Saturday, June 9, 2012

Nixon Signs Thomson Bill for Higher Education

Gov. Jay Nixon today signed a bill containing several provisions to help more Missourians attain a post-secondary degree. The Governor said House Bill 1042 fits with his goal of increasing the percentage of working-age adults in Missouri with those degrees from the current level of 35 percent to 60 percent by 2020. He signed copies of the legislation during a ceremony at a higher education forum in Columbia that was attended by higher education and university officials from across the state.
“House Bill 1042 will remove many of the obstacles that block the route to degree attainment for hundreds of thousands of Missourians,” Gov. Nixon said. “It will improve remediation, align curriculum from high school to college, improve course transfer across higher education institutions, and help additional students who have received enough credits for an associate’s degree get that credential.”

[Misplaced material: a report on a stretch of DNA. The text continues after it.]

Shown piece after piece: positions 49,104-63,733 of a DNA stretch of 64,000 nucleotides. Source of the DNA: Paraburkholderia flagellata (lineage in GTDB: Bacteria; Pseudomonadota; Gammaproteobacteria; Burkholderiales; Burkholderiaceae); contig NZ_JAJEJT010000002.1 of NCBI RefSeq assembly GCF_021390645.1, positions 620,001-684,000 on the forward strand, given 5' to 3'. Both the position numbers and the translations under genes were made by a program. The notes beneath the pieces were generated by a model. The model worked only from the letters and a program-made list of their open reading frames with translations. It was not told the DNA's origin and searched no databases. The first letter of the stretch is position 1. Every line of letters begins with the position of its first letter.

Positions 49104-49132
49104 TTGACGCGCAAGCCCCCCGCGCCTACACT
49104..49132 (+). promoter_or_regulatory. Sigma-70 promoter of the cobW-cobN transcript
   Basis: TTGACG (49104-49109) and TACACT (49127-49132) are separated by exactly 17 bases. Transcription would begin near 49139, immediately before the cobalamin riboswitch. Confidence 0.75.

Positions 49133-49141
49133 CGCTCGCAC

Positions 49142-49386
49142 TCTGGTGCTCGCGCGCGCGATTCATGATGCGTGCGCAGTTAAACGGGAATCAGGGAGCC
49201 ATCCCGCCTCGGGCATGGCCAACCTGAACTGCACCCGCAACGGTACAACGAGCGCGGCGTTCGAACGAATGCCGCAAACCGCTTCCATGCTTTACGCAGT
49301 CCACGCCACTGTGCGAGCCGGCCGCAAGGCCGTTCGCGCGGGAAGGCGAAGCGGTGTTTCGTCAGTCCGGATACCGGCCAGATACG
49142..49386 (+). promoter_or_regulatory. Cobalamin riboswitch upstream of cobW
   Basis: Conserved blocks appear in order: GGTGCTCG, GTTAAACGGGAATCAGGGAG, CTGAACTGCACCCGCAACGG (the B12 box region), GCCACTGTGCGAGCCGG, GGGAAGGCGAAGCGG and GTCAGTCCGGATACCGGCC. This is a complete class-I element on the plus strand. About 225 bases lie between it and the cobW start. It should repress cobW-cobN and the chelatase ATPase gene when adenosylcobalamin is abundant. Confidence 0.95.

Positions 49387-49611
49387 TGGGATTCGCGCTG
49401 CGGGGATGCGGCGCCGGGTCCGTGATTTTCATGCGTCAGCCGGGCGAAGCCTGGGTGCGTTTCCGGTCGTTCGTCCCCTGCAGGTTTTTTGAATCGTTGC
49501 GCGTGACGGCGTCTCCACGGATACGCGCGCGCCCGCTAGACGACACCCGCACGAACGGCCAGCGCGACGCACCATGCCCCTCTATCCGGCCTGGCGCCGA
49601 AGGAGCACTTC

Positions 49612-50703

House Bill 1042 was sponsored by Rep. Mike Thomson, of Maryville, and handled in the Senate by Sen. David Pearce, of Warrensburg. Among its provisions to help with degree attainment, the bill authorizes the Coordinating Board of Higher Education to:
– Require all two- and four-year public institutions to create a core of at least 25 undergraduate courses by July 1, 2014, that are transferable among all public institutions; and
– Develop a reverse transfer policy among two- and four-year public institutions that will enable students who have accumulated sufficient credit (in combination from those institutions) to earn an associate degree from a two-year college. The Governor said the legislation could help some 750,000 Missourians with some college credits continue in school, complete their coursework, and earn their degrees.
“This important legislation comes at a critical time,” Gov. Nixon said. “By 2018, nearly two-thirds of all jobs in the United States will require some kind of post-secondary education. Higher education is the key to Missouri’s sustained economic progress and quality of life, and essential to our nation’s ability to compete and win in a global economy. Any Missouri student who works hard and wants to attend college should have that opportunity.”

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